Each Verse a Universe

Ted Jackson, a faculty member in the School of Public Policy and Administration, was among a group of people asked to write about their memories of Jack Layton. These memories are compiled in a book called Love, Hope and Optimism: An informal portrait of Jack Layton by those who knew him (edited by James L. Turk and Charis Wahl). It has been reprinted with the permission of the James Lorimer & Company Ltd.

When I think of Jack Layton, I think of a sky full of stars.

Writing half a century ago, Quebec-based jurist-poet and CCF cofounder Frank Scott understood that human beings live their lives in patterns that are microcosms of the universe and its enduring laws. “Each verse/a universe,” wrote Scott. Equality and stewardship, and service and love—these were the principles that shaped Jack Layton’s very public life.

I met Jack directly only twice. I don’t want to make too much of these encounters, but for me they were significant. He was a strong and intelligent force of nature, and if you weren’t affected by your interaction with him, you were simply not alert to the wonders of life.

The first time I met Jack was at a state dinner for the Prime Minister of Vietnam, held at the National Gallery in Ottawa on a warm evening in late June 2005. Paul Martin, the Prime Minister of the day, escorted the guest of honour up the long hallway and into the great glass rotunda. Dignified and calm, Jack followed on his own behind the official party, eventually sitting at a table in the audience like the rest of us, though, unlike the rest of us, he received a nod of welcome directly from Mr. Martin.

During the speeches, I occasionally looked over at Jack: his curiosity, intellect and civility were evident at all times, as was his sense of humour, his joie de vivre. The head table speeches were boilerplate, but Vietnam is such a fascinating, complex and promising country that the whole event triggered stimulating discussions at every table. Noisy, positive energy filled the big room, and Jack was in the middle of it, loving it all.

Later, as I was leaving, I saw Jack striding toward the door and held it open for him. “How did you like it?” he asked. Somewhat taken aback I said, unimaginatively, “Vietnam’s an important country.” “You’re right,” said Jack, immediately making me feel comfortable (and a bit like a genius pundit). We walked toward the Chateau Laurier, quickly immersed in a real conversation about the need for Canada to expand trade in southeast Asia, a region he clearly (and not surprisingly) knew a lot about. Much too soon for me, he said goodnight. I watched him, still fit and energetic at midnight, cross the street under a canopy of bright stars. They shone. And he shone.

My second interaction with Jack was at a leader’s roundtable on economic policy, held in the West Block on Parliament Hill in mid-July, 2009. Along with twenty other academics, union staffers, politicians, I had been invited by his senior policy advisor, Peter Puxley, to present my ideas on business and employment creation. Participants included Ed Broadbent, Olivia Chow, and Peggy Nash, all of whom had very smart things to say. Jack presided, listening intently, asking pointed questions, and showing not only that he’d been thinking a lot about these matters but also that he was already two or three steps ahead of us. Gracious, welcoming, serious, Jack had clearly grown as a national leader.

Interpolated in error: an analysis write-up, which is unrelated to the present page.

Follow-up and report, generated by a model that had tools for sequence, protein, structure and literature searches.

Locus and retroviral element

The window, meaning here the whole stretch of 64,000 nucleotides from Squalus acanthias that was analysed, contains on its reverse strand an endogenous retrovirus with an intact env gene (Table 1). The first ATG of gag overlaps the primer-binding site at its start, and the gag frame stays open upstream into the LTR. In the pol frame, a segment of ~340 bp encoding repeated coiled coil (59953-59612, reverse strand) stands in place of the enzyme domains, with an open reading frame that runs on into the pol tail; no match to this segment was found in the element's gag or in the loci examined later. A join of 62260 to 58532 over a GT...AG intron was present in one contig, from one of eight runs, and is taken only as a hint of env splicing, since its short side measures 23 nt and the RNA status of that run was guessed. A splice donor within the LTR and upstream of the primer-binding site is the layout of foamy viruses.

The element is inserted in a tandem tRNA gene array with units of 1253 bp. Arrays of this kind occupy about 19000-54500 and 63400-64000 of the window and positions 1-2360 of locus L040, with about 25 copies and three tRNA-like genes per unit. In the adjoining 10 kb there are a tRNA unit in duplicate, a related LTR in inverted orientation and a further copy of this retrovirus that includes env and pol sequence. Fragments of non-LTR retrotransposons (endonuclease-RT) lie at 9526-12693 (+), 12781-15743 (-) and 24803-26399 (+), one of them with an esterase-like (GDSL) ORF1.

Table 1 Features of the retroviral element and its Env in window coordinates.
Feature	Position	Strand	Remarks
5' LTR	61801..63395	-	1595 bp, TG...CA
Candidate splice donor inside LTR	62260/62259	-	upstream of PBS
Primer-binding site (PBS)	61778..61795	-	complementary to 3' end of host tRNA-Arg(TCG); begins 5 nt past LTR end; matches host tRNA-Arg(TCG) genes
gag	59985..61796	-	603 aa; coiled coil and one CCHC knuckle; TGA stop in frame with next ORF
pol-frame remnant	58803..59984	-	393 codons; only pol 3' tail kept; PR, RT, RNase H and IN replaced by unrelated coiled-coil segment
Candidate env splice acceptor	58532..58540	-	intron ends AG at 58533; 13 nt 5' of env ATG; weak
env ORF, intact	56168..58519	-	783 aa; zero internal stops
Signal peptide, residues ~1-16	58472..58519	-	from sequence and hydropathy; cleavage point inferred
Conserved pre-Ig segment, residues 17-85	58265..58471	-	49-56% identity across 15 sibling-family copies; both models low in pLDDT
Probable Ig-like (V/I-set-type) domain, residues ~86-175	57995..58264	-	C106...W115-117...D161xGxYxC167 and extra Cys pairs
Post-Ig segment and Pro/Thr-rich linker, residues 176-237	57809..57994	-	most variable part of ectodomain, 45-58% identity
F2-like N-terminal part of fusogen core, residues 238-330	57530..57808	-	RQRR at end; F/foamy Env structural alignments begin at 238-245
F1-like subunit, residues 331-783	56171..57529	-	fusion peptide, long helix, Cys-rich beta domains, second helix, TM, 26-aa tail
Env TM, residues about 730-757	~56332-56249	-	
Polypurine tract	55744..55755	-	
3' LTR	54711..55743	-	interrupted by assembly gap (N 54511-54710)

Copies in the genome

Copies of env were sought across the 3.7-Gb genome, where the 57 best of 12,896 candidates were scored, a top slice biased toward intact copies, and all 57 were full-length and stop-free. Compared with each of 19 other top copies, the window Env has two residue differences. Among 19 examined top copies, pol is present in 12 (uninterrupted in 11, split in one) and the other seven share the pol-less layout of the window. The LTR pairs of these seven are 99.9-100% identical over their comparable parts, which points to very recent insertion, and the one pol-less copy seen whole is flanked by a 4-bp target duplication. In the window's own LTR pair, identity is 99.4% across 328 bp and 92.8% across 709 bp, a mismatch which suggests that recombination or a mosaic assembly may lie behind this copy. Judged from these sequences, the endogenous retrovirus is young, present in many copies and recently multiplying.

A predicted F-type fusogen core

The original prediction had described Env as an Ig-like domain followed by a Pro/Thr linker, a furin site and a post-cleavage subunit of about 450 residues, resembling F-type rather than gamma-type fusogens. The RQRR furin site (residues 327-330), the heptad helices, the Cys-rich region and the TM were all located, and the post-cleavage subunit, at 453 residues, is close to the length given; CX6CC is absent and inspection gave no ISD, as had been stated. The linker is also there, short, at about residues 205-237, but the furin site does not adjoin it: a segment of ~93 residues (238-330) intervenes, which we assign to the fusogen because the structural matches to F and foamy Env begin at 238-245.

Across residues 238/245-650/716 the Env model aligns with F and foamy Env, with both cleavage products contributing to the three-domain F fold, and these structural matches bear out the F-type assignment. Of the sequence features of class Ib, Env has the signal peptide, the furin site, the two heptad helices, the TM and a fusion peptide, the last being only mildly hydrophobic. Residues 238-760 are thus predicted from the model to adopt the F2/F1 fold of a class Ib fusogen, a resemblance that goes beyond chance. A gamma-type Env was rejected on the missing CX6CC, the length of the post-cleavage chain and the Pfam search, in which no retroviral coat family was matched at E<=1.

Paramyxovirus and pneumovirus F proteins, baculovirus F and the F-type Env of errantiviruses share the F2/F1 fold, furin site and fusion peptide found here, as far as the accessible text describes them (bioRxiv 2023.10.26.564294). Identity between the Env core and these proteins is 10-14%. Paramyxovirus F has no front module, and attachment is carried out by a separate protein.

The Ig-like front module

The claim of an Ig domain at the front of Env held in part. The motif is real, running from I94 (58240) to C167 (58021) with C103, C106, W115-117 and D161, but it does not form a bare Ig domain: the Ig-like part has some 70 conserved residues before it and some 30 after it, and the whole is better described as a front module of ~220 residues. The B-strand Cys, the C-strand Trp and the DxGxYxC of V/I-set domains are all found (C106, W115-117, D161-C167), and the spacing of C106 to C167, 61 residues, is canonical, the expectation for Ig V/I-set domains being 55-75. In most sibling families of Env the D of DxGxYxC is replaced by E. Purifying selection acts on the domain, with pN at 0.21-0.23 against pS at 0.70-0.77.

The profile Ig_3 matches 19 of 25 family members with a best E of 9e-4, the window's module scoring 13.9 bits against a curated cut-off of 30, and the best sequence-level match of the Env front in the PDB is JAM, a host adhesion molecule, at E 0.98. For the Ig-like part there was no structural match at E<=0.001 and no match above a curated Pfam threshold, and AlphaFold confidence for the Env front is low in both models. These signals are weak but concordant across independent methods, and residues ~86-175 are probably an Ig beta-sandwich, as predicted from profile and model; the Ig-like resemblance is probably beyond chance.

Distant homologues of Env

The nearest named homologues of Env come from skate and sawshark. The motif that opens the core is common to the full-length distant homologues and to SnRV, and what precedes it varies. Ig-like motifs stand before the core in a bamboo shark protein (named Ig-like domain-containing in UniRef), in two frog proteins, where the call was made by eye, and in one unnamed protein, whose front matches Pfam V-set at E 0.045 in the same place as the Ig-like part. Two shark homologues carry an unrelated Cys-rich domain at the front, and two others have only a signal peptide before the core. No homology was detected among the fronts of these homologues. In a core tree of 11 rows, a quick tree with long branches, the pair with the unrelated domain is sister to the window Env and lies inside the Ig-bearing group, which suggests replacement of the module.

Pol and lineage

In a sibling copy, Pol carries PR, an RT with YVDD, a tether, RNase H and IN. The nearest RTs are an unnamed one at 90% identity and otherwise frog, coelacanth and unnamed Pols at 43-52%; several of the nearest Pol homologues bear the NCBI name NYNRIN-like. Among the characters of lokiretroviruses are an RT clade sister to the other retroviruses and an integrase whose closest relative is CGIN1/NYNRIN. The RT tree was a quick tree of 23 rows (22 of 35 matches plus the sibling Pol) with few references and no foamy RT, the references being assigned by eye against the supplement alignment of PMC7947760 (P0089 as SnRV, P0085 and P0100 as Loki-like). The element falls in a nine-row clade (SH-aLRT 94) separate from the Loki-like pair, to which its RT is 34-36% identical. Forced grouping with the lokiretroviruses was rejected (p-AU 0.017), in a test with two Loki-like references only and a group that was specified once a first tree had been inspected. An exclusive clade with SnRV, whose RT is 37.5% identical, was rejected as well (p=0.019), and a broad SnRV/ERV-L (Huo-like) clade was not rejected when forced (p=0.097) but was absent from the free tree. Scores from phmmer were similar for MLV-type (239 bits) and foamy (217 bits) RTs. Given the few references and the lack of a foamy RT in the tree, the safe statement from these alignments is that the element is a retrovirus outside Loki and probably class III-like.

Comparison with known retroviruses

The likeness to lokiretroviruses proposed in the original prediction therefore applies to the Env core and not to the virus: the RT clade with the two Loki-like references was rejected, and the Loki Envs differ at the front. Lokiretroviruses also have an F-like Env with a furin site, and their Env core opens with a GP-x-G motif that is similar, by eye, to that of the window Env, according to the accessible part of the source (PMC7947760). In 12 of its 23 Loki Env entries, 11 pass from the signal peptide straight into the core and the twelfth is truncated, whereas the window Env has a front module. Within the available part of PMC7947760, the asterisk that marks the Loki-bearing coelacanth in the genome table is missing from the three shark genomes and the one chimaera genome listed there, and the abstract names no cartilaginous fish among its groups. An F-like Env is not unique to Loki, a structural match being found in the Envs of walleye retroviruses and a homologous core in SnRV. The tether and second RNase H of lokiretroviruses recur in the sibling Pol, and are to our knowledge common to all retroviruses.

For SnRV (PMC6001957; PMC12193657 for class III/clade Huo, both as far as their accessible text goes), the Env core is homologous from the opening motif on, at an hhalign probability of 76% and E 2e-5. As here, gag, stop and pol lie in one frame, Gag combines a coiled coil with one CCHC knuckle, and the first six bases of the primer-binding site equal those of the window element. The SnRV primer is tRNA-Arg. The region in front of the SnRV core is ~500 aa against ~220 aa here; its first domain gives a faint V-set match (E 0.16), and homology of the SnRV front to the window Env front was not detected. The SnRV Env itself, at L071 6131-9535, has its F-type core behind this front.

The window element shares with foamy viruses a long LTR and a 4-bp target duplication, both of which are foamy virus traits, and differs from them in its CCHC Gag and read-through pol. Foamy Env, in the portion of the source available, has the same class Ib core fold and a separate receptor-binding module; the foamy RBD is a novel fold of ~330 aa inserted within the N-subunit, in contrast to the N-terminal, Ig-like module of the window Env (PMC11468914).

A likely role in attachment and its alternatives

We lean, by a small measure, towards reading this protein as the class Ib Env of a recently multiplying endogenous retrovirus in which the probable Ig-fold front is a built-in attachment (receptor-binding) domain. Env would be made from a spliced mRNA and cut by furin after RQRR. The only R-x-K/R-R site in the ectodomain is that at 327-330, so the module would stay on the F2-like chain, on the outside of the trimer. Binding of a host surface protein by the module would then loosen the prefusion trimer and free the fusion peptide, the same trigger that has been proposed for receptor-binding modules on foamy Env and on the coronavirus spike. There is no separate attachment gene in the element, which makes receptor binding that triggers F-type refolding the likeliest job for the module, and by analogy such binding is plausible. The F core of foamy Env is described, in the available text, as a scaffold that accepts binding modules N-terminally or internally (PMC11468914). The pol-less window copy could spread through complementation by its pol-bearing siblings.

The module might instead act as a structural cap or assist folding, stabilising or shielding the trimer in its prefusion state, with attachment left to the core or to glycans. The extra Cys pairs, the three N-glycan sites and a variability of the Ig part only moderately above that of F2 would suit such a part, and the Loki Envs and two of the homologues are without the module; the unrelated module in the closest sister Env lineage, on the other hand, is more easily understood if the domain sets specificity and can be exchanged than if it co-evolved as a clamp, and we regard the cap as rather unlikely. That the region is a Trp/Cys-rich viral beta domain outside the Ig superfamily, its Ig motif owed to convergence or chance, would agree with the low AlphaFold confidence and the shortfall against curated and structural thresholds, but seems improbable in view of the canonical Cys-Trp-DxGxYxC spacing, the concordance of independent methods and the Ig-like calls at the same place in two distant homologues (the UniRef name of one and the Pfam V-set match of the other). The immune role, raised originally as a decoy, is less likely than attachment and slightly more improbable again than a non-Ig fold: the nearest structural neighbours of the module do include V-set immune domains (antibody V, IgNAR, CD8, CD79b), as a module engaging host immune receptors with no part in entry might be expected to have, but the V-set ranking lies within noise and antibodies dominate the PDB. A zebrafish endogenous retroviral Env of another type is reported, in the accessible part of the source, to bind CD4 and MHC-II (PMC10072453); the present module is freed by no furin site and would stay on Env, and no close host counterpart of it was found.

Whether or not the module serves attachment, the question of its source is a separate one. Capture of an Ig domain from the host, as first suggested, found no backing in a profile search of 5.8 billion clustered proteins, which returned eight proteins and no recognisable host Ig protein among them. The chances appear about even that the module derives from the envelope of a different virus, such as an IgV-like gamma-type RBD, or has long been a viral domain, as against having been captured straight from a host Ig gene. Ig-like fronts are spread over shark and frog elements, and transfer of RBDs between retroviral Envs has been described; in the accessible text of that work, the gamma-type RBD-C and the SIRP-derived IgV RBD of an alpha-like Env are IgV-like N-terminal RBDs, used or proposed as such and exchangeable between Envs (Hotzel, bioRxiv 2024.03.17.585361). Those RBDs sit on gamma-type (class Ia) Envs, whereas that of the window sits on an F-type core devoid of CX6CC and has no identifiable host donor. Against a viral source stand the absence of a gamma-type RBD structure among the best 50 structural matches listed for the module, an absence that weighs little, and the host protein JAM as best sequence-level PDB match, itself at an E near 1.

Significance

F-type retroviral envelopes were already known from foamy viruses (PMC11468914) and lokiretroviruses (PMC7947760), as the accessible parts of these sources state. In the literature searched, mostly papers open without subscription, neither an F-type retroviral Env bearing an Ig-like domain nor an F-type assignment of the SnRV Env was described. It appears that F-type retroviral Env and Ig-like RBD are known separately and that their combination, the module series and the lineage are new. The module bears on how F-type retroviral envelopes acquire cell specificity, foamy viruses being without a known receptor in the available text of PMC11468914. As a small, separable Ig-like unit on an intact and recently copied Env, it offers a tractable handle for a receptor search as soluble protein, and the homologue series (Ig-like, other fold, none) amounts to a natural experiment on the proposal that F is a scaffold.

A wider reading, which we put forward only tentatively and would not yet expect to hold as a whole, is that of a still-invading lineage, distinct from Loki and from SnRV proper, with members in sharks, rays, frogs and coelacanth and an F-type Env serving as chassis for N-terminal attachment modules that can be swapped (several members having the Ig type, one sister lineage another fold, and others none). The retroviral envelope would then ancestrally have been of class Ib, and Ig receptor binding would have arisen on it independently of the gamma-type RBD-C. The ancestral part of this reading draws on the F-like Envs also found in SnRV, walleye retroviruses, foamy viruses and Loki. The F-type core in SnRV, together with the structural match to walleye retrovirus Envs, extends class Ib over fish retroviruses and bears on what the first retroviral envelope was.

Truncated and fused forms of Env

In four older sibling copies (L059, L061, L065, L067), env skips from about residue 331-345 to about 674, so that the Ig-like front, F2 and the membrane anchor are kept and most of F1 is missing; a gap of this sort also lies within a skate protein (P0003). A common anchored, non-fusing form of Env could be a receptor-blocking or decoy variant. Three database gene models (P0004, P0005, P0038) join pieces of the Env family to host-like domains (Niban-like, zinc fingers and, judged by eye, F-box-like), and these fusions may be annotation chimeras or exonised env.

He now had political and intellectual momentum, and he signaled to every roundtable member that he wanted their best stuff, their most thoughtful, actionable policy recommendations. The world was, haltingly, just coming out of the 2008 debt crisis, and economic policy was a high-stakes enterprise, as it still is. We all tried hard to make our contributions succinct and practical, and Jack kept the conversation moving forward, crisp and efficient, continuously connecting people and ideas.

When it was all over, he thanked everyone personally. We hugged. He had been working out, and so, fortunately, had I; it was probably one of the more forceful social-democratic embraces that summer, and we were both delighted. You could build an NDP-Liberal coalition around a hug like that, I thought as I left the building, and I later blogged about what such a coalition would look like, and might actually do.

I also thought of a sky full of stars. Jack Layton had shone again—in fact, he had been luminous—from the beginning of the session until its very last moment. He had put it all together: energy, wit, focus, good cheer, vision and, well, wisdom. We all wanted to work with him to build a better Canada. On that day, in that room in the West Block, it was clear to all of us that Jack would make a fine Prime Minister. It would later become evident to millions of other Canadians.

Sky full of stars. Each verse a universe.

This entry was written by Ted Jackson and posted in the issue. Tags applied to this article are: , . Leave a comment, bookmark the permalink or share the following short URL for this article via social media: http://carletonnow.carleton.ca/?p=9636

By Ted Jackson

Ted Jackson is a faculty member in the School of Public Policy and Administration at Carleton University.

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